I read a story about Ben Patterson, dean of the Chapel of Hope College and a former pastor.
He was in great pain due to two herniated discs in his lower back.The doctors had placed him on total bed rest. But since the bed was too soft, he wound up lying on the floor. He was completely frustrated because he couldn’t preach, he couldn’t conduct meetings and he couldn’t make hospital visits.
After two weeks of being bored out of his mind, he asked his wife to bring him the church directory. His thinking was, at least he could do something, even if it was only to pray for the people of his congregation.
So, every day for two to three hours he would pray for every member of his congregation. After a while, the time became sweet.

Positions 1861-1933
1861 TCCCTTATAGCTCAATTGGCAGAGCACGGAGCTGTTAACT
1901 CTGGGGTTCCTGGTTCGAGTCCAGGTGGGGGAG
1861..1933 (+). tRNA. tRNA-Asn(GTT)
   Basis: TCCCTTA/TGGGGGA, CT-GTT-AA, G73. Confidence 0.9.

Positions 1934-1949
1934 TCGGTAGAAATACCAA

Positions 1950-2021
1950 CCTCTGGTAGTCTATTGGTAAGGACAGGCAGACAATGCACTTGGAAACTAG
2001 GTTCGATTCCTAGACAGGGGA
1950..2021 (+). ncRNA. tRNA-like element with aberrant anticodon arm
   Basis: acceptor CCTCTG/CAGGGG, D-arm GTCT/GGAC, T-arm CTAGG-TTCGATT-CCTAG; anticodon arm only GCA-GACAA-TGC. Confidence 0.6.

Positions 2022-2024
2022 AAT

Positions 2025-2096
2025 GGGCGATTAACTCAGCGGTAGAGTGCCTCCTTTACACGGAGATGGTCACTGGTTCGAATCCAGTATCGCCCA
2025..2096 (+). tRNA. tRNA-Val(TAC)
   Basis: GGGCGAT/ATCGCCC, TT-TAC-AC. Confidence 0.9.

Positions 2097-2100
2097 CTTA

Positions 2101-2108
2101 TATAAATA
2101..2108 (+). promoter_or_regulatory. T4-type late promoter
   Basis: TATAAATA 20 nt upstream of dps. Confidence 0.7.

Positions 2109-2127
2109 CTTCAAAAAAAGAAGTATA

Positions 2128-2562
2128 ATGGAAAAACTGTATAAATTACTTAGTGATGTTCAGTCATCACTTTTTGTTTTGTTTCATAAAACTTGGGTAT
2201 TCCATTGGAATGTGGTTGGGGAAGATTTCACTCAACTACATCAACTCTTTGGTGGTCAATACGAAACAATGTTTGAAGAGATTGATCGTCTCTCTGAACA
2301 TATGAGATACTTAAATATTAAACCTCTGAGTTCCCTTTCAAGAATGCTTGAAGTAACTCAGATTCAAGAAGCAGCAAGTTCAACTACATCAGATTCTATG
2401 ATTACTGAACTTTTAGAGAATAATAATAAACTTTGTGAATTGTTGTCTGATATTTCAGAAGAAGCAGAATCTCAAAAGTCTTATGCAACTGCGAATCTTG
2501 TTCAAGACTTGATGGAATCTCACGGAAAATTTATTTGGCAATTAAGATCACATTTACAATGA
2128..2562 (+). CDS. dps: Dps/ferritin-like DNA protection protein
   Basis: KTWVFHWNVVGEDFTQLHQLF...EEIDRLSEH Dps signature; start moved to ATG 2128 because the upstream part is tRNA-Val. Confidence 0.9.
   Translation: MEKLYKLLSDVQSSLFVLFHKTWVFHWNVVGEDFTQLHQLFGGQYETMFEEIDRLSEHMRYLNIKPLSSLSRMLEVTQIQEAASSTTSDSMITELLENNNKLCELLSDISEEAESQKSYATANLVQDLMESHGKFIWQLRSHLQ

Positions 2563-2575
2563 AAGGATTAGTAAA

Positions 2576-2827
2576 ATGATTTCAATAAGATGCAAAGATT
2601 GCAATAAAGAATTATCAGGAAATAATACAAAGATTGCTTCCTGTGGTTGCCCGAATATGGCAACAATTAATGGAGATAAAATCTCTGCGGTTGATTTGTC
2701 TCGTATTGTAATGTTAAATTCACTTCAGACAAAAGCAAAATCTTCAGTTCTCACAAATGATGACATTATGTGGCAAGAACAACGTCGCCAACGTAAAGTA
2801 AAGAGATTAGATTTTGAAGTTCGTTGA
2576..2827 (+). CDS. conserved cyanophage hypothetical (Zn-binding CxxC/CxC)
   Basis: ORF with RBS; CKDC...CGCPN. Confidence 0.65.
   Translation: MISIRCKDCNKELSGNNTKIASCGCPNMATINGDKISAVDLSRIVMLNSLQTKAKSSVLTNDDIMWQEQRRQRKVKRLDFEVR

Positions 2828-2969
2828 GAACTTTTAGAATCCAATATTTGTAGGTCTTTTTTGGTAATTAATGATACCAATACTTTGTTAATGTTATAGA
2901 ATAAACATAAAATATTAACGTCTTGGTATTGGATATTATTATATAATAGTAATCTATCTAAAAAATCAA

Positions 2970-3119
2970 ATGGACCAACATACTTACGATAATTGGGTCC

Toward the end of his convalescence, anticipating his return to work, he prayed, “Lord, this has been good, this praying. It’s too bad I don’t have time to do this when I’m working.”
And God spoke to him, “You have the same twenty-four four hours each day when you’re weak as when you’re strong. The only difference is that when you’re strong you think you’re in charge. When you’re weak you know you aren’t.”
His conclusion: Prayer is an admission of weakness and the single most important expression of true dependence on God.
Is praying a habit for you?
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